Looking aheadPlatform & Projects

10 things I will prioritize over the next four years

1. Stittsville Main Revitalization

In June 2022, the City’s Planning Committee approved the Stittsville Main Street Public Realm Plan. This plan will rejuvenate the street with new sidewalks and bike lanes, and beautification like new street lights, trees, and public art.

The total cost is estimated to be approximately $22.7-million, and I’ve already started to pursue funding through future city budgets, federal and provincial grants, and other partnership opportunities.

I’ll continue to promote the street for new businesses so that we can attract more independent entrepreneurs to join the likes of Ritual Café, Mavericks Donuts, Humen Kind Baby, Ivan’s Meat & Deli, and so many others.

I’ll keep working on solutions to traffic congestion too: Re-designing intersections, adjusting signal timings, prioritizing construction of Robert Grant Avenue to the east, and removing heavy trucks from the street.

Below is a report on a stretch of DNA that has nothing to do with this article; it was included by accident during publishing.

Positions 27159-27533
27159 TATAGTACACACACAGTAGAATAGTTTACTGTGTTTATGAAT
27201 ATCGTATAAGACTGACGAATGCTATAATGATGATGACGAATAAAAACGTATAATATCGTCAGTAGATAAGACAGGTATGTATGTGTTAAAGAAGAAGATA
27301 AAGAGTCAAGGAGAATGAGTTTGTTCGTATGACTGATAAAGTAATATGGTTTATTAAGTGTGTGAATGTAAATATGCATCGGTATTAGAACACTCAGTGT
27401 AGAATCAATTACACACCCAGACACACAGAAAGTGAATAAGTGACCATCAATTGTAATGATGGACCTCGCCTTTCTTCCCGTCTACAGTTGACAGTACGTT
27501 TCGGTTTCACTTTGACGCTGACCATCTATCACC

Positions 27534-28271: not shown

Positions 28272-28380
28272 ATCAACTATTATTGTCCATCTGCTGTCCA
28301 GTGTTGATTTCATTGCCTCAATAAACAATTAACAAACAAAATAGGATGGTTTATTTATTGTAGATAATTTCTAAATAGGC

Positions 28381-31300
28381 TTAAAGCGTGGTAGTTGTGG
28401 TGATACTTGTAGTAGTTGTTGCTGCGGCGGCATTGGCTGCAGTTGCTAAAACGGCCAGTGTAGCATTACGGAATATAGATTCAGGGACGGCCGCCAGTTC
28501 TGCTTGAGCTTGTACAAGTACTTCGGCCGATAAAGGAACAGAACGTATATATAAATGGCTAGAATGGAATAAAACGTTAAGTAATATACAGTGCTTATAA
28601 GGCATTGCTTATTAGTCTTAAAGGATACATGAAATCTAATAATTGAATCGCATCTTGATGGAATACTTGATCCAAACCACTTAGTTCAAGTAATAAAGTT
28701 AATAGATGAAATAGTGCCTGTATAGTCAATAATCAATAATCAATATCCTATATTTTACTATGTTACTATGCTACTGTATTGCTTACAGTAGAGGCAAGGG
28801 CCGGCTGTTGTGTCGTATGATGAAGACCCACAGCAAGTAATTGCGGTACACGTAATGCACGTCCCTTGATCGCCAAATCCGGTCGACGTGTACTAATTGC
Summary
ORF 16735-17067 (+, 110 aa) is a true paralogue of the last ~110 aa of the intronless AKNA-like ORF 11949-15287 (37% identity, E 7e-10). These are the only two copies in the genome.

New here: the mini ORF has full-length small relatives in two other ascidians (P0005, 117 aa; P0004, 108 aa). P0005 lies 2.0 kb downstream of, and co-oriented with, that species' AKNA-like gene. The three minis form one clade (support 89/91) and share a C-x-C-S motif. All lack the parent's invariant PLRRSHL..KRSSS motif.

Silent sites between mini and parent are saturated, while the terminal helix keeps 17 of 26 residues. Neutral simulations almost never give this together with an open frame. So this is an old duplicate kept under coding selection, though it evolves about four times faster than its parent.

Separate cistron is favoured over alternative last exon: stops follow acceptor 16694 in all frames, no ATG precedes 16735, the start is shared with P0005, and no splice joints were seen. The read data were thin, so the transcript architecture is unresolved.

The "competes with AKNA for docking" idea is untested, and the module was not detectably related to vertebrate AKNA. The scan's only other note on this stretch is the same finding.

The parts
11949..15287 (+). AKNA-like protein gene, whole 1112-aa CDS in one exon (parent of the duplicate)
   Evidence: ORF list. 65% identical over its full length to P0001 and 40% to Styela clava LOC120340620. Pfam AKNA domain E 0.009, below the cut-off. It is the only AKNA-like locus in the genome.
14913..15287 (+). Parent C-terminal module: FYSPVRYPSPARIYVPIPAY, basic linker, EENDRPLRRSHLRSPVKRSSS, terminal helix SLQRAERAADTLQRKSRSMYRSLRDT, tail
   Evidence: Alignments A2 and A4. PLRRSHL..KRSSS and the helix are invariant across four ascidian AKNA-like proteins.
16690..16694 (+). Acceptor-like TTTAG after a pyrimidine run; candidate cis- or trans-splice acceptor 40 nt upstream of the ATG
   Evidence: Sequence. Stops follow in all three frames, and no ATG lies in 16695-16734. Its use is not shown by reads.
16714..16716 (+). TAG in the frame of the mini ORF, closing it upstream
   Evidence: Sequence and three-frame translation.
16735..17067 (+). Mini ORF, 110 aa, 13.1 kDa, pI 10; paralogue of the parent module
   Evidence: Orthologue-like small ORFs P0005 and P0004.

Stittsville Main Street Public Realm Plan

2. Investing in transportation infrastructure

There are lots of roads that are priorities for upgrades and construction in Stittsville:

  • Carp Road – currently scheduled to be upgraded to 2-lanes in each direction by 2025.
  • Robert Grant Avenue – construction starts this fall on the next phase from Abbott to Hazeldean. Eventually the road will connect north all the way to Palladium Drive.
  • Fernbank Road – upgrades between West Ridge and Terry Fox
  • Maple Grove Road – between Maple Grove and Terry Fox